In other words, get meta on life.

*As an aside, the North is an incredibly important part of our Canadian identity and I would encourage you to visit it at least once in your lifetime. I honestly think it will make you a better Canadian. Possibly even a better person.

Wednesday, December 11, 2013

Get Meta on Engagement

by Kent Aitken RSS / cpsrenewalFacebook / cpsrenewalLinkedIn / Kent Aitkentwitter / kentdaitkengovloop / KentAitken

This is a Story as an Introduction, and it is as Long as the Rest of the Post

For a while I've held the opinion that public officials should be blogging or writing Op-Eds about decision rationale and key strategies. This is for several reasons: to get feedback with which to make decisions, to expose unforeseen adverse effects, but perhaps most importantly, to get past mere information availability and into actual transparency. Both public officials and citizens would be better off receiving information with both context and some level of thoughtful presentation.

Which I why I applaud initiatives like St. John's Councillor Dave Lane's blog. I can't speak for him as a city Councillor, but I'm a big fan of his recent 566-word post entitled Yes, I voted for a propane tank. Spoiler alert: it explains why he voted to allow a large propane tank to be built on the waterfront. Propane tanks aren't usually popular, but in context, his decision seems incredibly reasonable.

File:StJohns Newfoundland ViewfromSignalHill.jpg
St. John's harbour. It's lovely, and you should go. Don't miss Raymond's, it's epic.

Get Meta

But that's all an aside. In his post from the day before that, Lane hit on a great lesson for stakeholder engagement. The city is launching a public engagement initiative, and they're starting with the question:
"How would you like the City of St. John's to engage?"
Surprisingly, an oft-overlooked idea in engagement activities, and great as either a starting point or a periodic gut-check: asking your stakeholders for input on your relationship with them. Don't just ask, "What do you want us to do?", but "How do you want us to ask you 'What do you want us to do?' "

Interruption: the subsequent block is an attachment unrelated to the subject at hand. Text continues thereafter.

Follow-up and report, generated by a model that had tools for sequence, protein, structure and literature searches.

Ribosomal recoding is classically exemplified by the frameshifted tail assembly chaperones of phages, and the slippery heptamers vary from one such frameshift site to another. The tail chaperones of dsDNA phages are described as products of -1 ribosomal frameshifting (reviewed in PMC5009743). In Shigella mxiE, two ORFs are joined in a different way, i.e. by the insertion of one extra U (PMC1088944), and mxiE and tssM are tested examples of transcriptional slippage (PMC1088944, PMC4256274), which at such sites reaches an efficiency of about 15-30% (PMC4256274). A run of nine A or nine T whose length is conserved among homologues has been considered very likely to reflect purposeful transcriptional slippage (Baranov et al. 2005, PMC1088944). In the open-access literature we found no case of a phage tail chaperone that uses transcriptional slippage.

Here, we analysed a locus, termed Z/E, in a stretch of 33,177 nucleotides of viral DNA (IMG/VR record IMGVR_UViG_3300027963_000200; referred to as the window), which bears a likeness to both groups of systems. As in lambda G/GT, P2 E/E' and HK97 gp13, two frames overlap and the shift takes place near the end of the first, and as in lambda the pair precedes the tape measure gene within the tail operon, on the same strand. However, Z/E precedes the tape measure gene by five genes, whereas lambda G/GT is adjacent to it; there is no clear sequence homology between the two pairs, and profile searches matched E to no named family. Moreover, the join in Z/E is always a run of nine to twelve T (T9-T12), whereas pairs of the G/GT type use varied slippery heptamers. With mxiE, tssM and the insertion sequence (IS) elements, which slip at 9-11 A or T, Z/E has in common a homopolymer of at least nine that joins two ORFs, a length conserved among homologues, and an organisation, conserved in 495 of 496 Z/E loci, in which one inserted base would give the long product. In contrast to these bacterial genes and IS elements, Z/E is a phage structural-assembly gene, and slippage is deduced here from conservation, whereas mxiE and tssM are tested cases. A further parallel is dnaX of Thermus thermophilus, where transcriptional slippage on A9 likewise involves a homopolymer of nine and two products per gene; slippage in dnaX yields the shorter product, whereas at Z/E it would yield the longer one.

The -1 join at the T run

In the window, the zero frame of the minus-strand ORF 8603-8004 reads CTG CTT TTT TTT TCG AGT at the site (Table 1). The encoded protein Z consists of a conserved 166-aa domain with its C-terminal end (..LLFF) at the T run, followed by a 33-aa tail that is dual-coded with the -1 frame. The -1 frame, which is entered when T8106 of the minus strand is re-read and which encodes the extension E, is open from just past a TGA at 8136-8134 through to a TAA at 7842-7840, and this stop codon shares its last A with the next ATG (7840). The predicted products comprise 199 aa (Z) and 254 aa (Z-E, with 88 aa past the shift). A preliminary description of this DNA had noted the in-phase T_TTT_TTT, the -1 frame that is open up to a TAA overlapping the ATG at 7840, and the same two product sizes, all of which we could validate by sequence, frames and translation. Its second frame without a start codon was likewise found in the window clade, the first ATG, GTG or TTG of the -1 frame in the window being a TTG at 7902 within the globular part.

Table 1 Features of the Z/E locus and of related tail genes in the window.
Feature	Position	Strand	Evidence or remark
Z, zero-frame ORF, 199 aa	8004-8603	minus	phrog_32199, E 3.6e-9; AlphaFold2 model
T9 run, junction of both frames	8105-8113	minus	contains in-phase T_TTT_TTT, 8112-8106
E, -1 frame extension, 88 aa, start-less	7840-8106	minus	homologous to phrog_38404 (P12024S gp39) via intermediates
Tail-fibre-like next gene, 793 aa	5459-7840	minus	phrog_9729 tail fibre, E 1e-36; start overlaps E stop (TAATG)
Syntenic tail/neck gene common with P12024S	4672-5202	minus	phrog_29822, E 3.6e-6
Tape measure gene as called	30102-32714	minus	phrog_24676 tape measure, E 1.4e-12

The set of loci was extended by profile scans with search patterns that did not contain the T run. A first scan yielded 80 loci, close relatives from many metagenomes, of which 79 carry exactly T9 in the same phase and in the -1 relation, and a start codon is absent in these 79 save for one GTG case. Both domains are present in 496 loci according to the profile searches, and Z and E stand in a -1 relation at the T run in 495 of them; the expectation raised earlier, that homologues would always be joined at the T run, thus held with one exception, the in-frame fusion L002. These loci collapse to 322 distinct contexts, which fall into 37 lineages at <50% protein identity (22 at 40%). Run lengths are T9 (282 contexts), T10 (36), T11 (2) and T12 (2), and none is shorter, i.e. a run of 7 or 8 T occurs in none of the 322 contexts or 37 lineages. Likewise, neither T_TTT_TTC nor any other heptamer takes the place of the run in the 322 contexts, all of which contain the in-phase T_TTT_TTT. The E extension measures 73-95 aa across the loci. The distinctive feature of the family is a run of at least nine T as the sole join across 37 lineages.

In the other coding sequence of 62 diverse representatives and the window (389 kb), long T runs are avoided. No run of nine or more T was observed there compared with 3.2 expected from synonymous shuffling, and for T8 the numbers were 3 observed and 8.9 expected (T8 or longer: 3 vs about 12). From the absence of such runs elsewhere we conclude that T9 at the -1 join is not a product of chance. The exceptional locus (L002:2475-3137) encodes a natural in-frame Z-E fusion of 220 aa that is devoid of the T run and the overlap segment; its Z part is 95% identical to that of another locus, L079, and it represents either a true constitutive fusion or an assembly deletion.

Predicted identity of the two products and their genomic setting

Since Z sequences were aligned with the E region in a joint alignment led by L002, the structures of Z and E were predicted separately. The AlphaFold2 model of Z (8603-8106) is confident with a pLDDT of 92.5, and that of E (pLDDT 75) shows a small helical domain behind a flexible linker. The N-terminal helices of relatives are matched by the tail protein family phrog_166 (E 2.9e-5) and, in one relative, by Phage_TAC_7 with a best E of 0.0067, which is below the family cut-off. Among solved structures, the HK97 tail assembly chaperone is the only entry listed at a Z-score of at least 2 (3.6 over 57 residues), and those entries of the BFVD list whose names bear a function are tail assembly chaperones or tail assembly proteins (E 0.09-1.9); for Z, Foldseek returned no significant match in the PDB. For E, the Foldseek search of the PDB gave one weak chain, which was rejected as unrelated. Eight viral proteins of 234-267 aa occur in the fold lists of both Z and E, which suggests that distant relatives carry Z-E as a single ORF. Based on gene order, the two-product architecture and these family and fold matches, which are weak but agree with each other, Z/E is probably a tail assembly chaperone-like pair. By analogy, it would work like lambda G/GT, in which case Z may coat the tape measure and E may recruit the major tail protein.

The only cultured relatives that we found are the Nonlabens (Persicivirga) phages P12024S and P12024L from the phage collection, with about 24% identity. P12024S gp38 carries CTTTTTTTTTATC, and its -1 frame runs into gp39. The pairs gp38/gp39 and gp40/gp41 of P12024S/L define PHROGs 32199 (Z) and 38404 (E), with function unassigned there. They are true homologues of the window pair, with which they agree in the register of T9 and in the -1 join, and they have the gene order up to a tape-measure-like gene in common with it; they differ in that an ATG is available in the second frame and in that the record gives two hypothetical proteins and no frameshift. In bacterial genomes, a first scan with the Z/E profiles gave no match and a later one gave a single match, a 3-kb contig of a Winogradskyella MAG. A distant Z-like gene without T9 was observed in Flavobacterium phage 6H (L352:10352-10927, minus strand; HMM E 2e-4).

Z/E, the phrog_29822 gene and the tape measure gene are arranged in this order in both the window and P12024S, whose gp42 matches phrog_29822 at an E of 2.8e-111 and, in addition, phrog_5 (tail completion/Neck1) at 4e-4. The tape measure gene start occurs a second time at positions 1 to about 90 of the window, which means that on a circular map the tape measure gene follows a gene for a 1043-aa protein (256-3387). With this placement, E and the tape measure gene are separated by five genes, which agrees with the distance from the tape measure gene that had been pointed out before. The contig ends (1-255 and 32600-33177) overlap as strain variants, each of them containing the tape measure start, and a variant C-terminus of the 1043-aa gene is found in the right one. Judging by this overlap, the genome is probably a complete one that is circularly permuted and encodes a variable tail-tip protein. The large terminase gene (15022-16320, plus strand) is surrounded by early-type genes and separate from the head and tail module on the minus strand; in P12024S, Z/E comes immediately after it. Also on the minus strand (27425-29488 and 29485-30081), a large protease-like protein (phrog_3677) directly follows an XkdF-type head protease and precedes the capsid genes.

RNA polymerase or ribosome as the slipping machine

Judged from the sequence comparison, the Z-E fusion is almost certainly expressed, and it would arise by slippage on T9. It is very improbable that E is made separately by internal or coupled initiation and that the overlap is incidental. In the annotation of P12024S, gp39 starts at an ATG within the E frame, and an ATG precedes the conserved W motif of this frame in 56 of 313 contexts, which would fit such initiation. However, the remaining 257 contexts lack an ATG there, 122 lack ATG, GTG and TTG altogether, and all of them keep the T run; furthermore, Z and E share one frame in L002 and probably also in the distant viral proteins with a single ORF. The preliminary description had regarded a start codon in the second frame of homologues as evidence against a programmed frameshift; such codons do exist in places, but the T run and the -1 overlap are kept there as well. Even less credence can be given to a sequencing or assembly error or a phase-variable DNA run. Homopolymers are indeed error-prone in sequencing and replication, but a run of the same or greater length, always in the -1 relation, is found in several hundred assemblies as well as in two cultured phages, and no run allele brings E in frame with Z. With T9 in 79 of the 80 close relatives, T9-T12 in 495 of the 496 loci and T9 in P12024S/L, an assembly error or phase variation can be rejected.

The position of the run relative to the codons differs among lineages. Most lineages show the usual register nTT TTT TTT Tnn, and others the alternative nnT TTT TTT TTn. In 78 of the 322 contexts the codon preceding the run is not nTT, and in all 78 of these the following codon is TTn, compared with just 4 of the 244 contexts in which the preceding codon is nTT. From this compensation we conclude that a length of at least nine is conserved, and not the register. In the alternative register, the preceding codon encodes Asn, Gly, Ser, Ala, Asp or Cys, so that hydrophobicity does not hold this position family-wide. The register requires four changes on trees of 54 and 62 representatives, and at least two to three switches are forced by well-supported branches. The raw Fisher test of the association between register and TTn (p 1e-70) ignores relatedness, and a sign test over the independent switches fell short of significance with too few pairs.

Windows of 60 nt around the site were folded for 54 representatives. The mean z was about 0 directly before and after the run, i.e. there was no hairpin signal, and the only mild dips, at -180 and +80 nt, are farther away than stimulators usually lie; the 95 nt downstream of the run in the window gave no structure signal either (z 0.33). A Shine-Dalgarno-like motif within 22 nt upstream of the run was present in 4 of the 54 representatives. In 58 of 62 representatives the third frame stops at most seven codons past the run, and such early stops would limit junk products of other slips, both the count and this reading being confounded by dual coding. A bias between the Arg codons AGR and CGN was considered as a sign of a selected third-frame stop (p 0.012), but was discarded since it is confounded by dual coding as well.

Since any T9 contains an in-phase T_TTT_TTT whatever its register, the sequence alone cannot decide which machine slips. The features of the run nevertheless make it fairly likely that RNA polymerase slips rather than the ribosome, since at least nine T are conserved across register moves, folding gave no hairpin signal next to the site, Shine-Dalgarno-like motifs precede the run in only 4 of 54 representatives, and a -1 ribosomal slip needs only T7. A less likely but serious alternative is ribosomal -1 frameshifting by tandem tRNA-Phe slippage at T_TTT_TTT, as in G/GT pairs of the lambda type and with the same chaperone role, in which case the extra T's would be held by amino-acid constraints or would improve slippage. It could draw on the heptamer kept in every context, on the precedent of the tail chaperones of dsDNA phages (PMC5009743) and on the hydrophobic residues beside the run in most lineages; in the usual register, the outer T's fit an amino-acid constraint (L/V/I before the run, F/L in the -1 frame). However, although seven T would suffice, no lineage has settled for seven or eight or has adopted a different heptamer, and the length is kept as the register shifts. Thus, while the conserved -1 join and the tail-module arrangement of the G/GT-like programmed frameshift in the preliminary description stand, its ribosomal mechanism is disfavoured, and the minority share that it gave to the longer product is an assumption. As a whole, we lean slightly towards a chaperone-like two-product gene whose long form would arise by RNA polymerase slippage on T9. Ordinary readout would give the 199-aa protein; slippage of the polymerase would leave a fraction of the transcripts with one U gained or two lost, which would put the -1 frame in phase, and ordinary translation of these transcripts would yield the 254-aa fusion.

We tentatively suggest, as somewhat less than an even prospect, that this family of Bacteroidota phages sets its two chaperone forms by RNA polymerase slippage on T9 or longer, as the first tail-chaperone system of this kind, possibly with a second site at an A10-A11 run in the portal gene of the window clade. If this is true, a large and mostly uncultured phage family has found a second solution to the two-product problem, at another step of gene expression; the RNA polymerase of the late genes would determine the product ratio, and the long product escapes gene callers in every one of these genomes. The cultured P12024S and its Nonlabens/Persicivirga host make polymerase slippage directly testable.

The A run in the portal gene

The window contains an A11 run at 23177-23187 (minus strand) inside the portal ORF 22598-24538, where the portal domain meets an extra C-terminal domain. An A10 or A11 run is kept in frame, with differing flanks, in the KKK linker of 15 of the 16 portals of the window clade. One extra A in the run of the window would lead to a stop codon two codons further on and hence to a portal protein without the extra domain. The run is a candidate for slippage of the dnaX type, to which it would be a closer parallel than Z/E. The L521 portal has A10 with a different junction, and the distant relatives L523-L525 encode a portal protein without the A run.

It's simply a periodic testing of the assumptions on which your processes rest. And it's useful. Get meta. 

Photo by Aconcagua (Own work) [GFDL (http://www.gnu.org/copyleft/fdl.html) or CC-BY-SA-3.0 (http://creativecommons.org/licenses/by-sa/3.0)], via Wikimedia Commons

Wednesday, December 4, 2013

Contradictions, Changes, and Openness

by Kent Aitken RSS / cpsrenewalFacebook / cpsrenewalLinkedIn / Kent Aitkentwitter / kentdaitkengovloop / KentAitken

I occasionally still use my old blog for a release valve. On Sunday I wrote about embracing our contradictions, and if you're curious: Large. Contains Multitudes. It could as easily apply to how we approach our professional lives, but I decided to keep it general.

Generally, I avoid discussing my specific job on this blog. While I'm, naturally, influenced by the environment I'm working in, I try to keep my views rather separate from those of my organization. So I avoided weighing in on Nick's recent GCpedia posts (see: GCpedia: a David Among Goliaths and Embrace GCpedia as a Technological David), even though it's a near and dear topic - I had been working on the team that supports GCpedia and GCconnex since June.

Since joining the public service I've developed a lot of "ought" statements about the way the public service should work. Working openly is one of them. But while working on GCpedia and GCconnex, openness on those platforms is the only option (and I'm sure I still have a lot to learn and much to improve). So even a few months ago I found myself looking forward to learning how to apply ideas to other positions and roles, and the challenges in doing so.

As it happens, last week I was reassigned to a new portfolio. Should be really interesting, and should take the need for openness to a new level. So a new adventure, the need to walk the walk, and a new walk to learn.